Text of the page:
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Hurricane Irene wreaked havoc on the East coast two weeks ago, causing problems for coffee drinkers. The under-reported story deals with how some folks were forced to undergo caffeine withdrawal during the power outages. Reporter Tracy Beckerman was one of those, writing about her predicament in her local New York state paper. Tracy recalls how her family had planned for an emergency by stocking up on bottled water, six ice-filled coolers to preserve the food from the fridge, and a multitude of batteries. However, she neglected to consider the coffee maker, of which she had a grand total of ten! “Hey, some women buy shoes. I buy coffee makers”, she writes. It wasn’t until the actual power outage occurred that she realized not one of them was non-electric – they all required a working power outlet, without which they just looked nice, but were worthless. Even with ten pots, she lacked a French press. Not being an instant coffee drinker, Beckerman couldn’t even make that substitute. With the roads blocked by trees, she remained coffee-less until the next day, when thankfully power was restored and she was able to brew her large pot. She didn’t say whether or not she would get a French press to have on hand for the next emergency. She had stated that before the outage, eleven coffee makers was a little over the top. Why would a French press have saved her from coffee withdrawal during a power outage? If she’d had a gas burner or even an alcohol burner, she could have heated water for the press and enjoyed good coffee. What she didn’t consider, however, is that she still could have made an iced coffee. Any glass jar can be filled with water, ice and coffee grounds. After the grounds steep for a few hours, most any kind of filter will work to strain them out, or, without a filter, one can just pour the brewed coffee from the top, being careful to keep the grounds on the bottom of the jar. Even though cold brew might not have appealed to her during the storm, at least it would have provided some kind of coffee. Better than a French press in a power outage is a tabletop brewer which works with an alcohol burner and makes coffee anywhere without hot water or electricity. Brew on, powerlessly!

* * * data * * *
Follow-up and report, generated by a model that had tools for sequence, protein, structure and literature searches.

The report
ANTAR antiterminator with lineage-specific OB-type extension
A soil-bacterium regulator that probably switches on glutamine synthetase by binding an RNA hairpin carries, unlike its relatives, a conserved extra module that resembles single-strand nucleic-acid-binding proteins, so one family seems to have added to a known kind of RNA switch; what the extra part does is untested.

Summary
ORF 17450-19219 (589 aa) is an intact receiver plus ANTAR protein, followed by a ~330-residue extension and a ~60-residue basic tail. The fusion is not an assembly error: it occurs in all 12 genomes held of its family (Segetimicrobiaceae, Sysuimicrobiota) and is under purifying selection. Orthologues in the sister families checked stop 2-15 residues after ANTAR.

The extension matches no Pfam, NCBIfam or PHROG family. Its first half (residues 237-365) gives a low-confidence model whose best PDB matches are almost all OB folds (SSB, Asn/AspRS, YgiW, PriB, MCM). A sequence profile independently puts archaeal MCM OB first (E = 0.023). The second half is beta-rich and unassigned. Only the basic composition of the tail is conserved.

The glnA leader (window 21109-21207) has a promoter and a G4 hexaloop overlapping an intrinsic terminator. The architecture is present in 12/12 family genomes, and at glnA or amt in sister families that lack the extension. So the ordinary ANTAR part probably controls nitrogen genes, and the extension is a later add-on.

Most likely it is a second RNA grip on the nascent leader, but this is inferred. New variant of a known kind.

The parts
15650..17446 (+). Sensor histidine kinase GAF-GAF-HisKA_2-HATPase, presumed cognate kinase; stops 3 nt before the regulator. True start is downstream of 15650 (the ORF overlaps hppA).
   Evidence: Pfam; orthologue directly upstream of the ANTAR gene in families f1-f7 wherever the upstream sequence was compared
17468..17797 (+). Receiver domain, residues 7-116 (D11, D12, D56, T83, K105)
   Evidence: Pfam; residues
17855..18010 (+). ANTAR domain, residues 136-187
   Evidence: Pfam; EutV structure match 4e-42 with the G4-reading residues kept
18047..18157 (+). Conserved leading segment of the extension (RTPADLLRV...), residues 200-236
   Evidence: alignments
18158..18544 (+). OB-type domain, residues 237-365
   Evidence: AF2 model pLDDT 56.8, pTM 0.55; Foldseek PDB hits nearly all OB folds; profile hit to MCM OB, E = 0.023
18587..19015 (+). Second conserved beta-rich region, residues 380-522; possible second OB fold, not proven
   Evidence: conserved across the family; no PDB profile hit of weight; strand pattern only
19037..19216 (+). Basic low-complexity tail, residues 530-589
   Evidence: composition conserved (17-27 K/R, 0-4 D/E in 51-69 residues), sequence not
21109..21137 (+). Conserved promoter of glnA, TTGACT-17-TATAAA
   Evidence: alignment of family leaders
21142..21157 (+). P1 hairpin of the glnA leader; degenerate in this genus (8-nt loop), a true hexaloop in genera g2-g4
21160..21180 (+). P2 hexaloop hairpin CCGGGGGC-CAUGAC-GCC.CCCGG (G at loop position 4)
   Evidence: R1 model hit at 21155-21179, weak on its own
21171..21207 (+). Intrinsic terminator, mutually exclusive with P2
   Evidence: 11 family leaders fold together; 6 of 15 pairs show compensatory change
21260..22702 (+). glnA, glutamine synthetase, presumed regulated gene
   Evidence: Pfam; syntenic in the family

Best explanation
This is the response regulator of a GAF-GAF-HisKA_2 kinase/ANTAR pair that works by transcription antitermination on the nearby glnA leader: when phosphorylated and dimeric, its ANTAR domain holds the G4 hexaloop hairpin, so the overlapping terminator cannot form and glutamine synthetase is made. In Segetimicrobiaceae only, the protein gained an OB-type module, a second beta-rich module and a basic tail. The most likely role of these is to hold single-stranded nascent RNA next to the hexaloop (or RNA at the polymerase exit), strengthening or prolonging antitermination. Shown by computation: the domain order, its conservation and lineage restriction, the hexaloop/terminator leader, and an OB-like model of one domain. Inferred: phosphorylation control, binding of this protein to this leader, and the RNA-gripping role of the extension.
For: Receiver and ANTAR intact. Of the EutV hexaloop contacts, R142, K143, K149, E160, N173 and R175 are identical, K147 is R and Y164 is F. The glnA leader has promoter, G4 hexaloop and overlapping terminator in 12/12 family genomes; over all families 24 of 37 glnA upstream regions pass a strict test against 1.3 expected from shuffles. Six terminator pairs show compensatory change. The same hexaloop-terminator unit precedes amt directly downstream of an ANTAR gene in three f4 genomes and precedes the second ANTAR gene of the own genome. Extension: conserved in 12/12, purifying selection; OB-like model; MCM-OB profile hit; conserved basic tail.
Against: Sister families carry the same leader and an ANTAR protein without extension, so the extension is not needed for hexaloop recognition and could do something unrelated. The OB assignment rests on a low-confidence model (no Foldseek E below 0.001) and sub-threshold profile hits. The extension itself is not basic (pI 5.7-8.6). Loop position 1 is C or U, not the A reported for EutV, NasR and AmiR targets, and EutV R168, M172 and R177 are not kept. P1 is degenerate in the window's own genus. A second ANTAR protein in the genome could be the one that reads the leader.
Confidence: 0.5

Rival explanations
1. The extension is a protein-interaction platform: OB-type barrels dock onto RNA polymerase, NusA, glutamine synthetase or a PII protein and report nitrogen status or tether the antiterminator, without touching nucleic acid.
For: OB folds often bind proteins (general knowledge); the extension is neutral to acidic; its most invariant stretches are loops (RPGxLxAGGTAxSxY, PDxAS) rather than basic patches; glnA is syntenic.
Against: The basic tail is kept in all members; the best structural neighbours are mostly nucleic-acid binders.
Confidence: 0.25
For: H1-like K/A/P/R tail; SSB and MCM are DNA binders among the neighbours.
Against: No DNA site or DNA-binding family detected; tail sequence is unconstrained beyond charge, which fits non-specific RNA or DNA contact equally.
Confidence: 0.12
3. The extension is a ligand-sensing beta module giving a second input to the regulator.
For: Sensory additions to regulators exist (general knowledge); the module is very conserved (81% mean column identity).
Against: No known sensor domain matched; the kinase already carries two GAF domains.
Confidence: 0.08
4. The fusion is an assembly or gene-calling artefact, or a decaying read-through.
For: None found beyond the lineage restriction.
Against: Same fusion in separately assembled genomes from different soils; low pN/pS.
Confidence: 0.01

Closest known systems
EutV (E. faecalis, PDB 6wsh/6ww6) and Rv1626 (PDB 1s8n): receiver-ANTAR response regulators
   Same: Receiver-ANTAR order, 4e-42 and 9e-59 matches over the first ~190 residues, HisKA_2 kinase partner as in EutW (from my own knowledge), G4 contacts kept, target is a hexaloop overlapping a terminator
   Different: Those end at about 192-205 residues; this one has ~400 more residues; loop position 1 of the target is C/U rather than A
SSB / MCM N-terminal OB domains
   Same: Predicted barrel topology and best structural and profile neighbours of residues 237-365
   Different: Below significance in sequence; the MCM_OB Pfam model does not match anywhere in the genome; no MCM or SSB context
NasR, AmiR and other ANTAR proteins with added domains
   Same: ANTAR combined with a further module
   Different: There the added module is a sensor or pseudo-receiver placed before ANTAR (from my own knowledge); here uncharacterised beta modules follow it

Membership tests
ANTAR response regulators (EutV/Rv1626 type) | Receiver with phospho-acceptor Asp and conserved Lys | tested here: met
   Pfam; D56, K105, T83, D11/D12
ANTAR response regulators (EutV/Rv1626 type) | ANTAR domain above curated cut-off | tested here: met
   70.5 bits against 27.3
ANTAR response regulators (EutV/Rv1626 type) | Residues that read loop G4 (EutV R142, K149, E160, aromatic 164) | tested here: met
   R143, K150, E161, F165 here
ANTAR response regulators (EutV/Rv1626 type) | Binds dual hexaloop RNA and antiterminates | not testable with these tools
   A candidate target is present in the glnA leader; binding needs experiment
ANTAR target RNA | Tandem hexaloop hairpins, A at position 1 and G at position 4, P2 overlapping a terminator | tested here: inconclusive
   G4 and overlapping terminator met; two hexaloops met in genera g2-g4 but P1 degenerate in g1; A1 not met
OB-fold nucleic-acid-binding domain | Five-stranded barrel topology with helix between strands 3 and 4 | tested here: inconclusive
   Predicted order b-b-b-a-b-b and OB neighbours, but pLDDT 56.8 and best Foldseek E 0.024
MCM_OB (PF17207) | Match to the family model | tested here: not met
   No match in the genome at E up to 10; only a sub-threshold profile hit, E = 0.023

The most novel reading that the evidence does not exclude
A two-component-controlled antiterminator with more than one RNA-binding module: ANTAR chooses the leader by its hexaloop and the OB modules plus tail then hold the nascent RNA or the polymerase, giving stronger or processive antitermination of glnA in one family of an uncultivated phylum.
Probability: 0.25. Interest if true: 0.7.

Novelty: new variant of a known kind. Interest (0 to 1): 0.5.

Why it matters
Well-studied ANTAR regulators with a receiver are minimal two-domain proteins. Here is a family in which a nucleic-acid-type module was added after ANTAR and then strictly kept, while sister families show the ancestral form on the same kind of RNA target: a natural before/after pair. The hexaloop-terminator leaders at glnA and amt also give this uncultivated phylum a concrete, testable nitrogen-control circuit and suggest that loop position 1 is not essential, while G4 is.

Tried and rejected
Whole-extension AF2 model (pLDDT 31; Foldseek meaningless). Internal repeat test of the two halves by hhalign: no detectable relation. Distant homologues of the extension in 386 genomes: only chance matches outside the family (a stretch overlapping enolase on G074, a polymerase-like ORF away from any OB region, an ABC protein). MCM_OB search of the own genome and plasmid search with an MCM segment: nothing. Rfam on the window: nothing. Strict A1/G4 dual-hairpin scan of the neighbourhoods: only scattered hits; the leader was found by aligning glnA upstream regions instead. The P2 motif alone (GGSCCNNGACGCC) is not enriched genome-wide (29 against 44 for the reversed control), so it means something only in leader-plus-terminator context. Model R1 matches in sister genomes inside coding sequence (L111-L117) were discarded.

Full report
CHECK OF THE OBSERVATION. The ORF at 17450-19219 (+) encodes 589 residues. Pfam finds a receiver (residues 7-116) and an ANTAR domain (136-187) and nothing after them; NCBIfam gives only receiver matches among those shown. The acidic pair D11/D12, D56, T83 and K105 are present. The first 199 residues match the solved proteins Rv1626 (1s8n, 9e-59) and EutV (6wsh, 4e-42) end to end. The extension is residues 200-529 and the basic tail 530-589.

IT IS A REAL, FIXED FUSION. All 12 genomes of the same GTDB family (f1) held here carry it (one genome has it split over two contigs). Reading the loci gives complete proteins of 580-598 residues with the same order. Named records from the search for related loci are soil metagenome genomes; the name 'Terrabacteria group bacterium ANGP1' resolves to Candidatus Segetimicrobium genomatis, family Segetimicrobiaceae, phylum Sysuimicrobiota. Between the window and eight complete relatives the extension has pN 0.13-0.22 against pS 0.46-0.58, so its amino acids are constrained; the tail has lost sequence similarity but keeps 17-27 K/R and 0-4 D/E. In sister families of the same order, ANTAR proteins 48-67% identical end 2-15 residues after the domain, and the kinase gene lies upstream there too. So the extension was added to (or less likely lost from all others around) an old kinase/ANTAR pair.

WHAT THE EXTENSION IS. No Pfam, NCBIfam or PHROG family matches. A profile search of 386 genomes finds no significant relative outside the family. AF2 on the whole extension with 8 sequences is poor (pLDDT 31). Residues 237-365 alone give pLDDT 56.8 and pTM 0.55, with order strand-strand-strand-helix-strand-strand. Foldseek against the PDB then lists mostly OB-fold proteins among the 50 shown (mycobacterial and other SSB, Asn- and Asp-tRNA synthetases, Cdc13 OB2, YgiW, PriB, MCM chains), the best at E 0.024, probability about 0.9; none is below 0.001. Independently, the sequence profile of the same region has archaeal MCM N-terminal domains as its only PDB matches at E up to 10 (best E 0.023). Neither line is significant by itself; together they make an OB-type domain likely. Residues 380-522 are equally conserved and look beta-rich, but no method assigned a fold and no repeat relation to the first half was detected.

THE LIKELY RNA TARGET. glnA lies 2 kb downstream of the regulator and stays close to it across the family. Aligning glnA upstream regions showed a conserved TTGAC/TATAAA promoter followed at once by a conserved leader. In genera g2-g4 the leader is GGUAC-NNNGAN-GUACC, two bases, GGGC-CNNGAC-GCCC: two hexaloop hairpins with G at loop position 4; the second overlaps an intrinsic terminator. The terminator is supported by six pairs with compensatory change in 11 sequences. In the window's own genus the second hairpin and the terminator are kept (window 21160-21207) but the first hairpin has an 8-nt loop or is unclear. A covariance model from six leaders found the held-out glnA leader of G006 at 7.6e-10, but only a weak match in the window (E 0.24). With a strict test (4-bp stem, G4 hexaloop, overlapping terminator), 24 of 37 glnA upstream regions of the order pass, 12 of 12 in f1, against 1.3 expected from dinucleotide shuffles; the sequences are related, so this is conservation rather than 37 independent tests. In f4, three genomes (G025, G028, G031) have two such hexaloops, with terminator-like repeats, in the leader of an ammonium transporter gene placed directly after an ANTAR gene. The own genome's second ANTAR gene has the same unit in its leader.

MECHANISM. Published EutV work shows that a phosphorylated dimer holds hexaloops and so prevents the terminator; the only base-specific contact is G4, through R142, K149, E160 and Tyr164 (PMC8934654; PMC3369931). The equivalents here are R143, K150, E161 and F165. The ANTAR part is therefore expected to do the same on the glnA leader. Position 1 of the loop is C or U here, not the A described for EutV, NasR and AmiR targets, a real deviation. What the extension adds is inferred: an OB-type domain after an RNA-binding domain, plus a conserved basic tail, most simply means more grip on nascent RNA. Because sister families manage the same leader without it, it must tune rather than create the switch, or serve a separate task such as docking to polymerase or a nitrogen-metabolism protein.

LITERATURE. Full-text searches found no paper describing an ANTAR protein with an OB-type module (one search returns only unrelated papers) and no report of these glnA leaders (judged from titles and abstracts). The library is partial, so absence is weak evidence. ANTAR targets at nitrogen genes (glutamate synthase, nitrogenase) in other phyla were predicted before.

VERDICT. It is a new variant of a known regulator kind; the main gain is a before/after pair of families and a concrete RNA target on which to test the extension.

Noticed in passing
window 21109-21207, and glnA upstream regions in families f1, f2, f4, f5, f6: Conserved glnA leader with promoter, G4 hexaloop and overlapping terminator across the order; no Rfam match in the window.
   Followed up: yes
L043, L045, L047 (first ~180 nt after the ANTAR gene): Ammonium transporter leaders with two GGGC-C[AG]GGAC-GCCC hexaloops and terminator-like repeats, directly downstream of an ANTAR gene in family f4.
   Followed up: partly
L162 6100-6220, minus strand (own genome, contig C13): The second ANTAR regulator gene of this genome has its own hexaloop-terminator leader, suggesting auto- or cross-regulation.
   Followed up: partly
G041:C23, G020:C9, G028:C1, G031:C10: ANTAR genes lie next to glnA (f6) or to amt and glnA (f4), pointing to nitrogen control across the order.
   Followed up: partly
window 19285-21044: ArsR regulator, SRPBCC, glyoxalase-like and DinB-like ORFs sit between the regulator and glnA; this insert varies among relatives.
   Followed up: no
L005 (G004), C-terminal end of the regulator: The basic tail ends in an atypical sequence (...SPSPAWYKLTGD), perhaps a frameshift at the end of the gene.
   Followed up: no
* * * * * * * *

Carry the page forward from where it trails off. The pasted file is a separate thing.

Source: Mahopac News online http://www.mahopacnews.com/Articles-c-2011-09-07-209456.112113-No-coffee-and-no-caffeine-make-Tracy-go-crazy.html

Category: NEWS

I need to add a hand grinder

October 23, 2011 | by intrepid510

I need to add a hand grinder to my kit!

grinding

October 10, 2011 | by wakeknot

that will be my catch if the power goes out. One more reason to pick up a hand grinder!

my coffee artilce

September 11, 2011 | by Tracy Beckerman

Thanks so much for the coffee info. It's good to know that I am coffee-prepared for the next natural disaster... although the "waiting a few hours for it to brew "concept might not sit well with my "need it now" mentality.

Tough times

September 11, 2011 | by EricBNC


I keep an old kerosene stove serviced and ready in the garage that has a flat top designed to hold a pot or a kettle. If I have water, I will have coffee - hand grinder at the ready too!

Can totally relate

September 10, 2011 | by jbviau

Our power went out for 3 days during Irene. We have a gas stove, so I could heat water, but the problem was that without electricity I had no way to *grind* my coffee. I made do by emptying coffee pods (full of ground coffee) into my Clever dripper, but I was kicking myself the whole time for having sold my Hario Skerton a few months ago! One of these days I'll buy another manual grinder.